Marshall Space Flight Center, Huntsville, Ala.
A farmer's work ethic fuels an engineer's enthusiasm for
Space Station science
a crew procedure engineer at the Marshall Space Flight Center,
Gary Moore analyzes Space Station requirements with the research
scientists whose experiments are performed on the orbiting laboratory,
and writes procedures for the crew to follow.|
-- Gary Moore is one of the experts when it comes to knowing how
to conduct International Space Station experiments safely using
equipment on board. As a crew procedure engineer at the Marshall
Center, he analyzes Space Station requirements with the research
scientists whose experiments are performed on the orbiting laboratory
and writes procedures for the crew to follow.
NASA go to the moon when he was eight years old. And, like some
people in his hometown of Caney Springs, Tenn., he couldn't quite
believe his eyes.
view has changed quite a bit. He now is part of a team that sends
equipment and experiments into space, supporting one of NASA's key
programs -- the International Space Station.
"Growing up in the
country and working hard on the farm, I never dreamed of space travel
or being part of the country's space program," he says. Proud
of his rural roots, Moore believes that boyhood chores of working
with cows and laboring in the tobacco fields helped to instill in
him a work ethic that, even today, fuels his enthusiasm for challenges
as he plays a role in scientific achievements that might have seemed
unbelievable to him more than 30 years ago.
As a crew procedure
engineer for NASA contractor Teledyne Brown Engineering of Huntsville,
Ala., Moore now communicates with scientists worldwide to make sure
he knows what they want to accomplish with their Space Station experiments.
Based at NASA's Marshall Space Flight Center in Huntsville, Moore
attempts to understand all experiments that launch with each new
expedition to the Space Station -- the four-to-six-month research
missions to the Station.
Moore is one of the experts
when it comes to knowing how to conduct Space Station experiments
safely using equipment on board. He analyzes Space Station requirements
in order to work with the research scientists whose experiments
are performed on the Station, writing procedures for the crew to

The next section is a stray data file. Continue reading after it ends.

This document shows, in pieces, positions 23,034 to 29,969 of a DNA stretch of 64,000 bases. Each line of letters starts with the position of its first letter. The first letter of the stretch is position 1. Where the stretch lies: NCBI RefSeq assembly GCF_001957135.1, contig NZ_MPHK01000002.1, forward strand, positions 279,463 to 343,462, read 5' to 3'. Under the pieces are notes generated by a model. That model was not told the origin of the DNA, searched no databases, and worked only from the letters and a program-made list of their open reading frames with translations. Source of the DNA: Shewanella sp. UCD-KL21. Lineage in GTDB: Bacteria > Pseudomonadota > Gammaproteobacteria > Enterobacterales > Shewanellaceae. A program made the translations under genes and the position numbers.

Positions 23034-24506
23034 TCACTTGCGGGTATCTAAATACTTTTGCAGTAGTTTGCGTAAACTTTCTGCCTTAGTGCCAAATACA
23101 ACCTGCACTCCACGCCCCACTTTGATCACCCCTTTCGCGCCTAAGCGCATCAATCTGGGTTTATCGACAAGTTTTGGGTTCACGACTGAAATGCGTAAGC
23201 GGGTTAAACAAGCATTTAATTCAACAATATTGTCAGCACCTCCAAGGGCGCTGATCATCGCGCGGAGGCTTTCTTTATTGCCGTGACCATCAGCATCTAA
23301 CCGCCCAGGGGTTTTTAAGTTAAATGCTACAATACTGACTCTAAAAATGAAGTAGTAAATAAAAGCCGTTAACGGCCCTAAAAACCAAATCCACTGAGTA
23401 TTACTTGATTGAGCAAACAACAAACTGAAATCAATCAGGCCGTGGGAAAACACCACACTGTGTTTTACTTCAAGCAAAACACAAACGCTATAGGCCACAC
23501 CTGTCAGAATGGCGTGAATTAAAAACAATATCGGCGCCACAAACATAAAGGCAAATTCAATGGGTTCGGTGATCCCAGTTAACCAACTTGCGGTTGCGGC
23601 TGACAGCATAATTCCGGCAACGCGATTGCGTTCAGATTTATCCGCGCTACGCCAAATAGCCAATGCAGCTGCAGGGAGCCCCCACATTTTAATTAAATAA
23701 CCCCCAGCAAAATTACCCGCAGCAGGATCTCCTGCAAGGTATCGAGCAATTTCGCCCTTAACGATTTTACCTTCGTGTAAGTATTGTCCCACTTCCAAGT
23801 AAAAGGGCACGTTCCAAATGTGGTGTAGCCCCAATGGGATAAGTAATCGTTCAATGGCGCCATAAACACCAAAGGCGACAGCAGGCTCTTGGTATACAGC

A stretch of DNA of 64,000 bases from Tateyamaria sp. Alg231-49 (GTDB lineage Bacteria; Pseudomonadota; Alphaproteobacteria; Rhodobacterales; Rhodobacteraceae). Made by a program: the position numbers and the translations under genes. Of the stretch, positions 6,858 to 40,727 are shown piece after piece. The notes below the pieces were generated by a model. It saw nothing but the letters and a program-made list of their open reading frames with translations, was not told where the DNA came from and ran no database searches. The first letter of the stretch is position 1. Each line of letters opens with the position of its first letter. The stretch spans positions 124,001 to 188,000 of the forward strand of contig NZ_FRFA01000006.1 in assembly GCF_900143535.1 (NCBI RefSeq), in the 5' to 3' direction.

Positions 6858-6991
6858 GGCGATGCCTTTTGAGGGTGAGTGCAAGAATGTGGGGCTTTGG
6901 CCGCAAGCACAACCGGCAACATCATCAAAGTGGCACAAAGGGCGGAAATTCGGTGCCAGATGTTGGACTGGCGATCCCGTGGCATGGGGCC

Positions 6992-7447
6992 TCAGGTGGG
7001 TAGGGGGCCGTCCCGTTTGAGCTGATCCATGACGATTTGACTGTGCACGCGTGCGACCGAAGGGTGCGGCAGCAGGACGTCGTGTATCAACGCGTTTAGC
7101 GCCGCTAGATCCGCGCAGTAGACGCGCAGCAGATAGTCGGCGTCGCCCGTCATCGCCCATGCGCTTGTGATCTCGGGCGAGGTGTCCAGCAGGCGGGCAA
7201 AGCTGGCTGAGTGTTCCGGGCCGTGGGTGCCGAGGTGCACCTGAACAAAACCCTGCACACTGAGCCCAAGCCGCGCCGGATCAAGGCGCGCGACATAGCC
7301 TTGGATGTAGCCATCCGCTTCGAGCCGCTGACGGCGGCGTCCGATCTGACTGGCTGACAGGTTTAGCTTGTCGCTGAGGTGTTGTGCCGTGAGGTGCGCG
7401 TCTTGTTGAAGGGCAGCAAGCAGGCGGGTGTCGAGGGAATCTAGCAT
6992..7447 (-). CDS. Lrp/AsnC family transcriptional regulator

follow. Moore's work with the scientists maximizes the experiments'
to work for the space program was the best move I ever made,"
Moore says. "The opportunities are endless, and I'm blessed
to work with some of the most brilliant people in the world."
For nearly 15 years,
Moore wrote detailed processes for commercial hardware at SCI in
Huntsville before bringing his expertise to the Marshall Center.
But changing jobs after all those years didn't first come without
a bit of apprehension.
After joining the space
program in 1998, Moore attended a meeting at Johnson Space Center
in Houston, where everyone talked in the acronyms of space travel.
Instead of NASA, he says he thought he had entered "The Twilight
"All I could think
was this is a long way from milking cows," Moore says. "I
think I'm most proud that I was able to hang in there and now I
talk just like everybody else."
This determination to
never give up came to Moore early in life. "When I was growing
up, I had very bad asthma and almost died," recalls Moore.
"As I grew older, I had other health problems and my digestive
system was almost destroyed by antibiotics. Now, nutrition is my
A picture of health and
now a member of the Huntsville Track Club, Moore has found another
hobby: studying nutritional information and spreading the word about
healthy living. "I believe the body can cure itself of just
about anything, if given the proper nutrition," says Moore.
When he has
time, Moore loves to go back to Caney Springs and visit his parents
Bruce and Peggy, who still live there on the family farm. "I'm
very thankful to my parents for the work ethic they instilled in
me," Moore says, recalling days spent helping out early in
the morning and late in the afternoon. In between, he went to school
at Forrest High in nearby Chapel Hill, where there were only 24
in his graduating class of 1972. He went on to receive a bachelor's
degree in industrial management from Middle Tennessee State University
in Murfreesboro in 1982.
Among the many
passions in Moore's life are the times he shares with his wife and
two teenage children. Keeping up with their activities, as well
as being active in church work is very important to him. The whole
family loves to share in the bounty of their garden of strawberries,
blueberries, blackberries and "some of the biggest tomatoes
else no doubt reassuring to those scientists Moore works with and
helps to "grow" their experiments in space.
Text and photos for
this story were provided by Marshall Space Flight Center.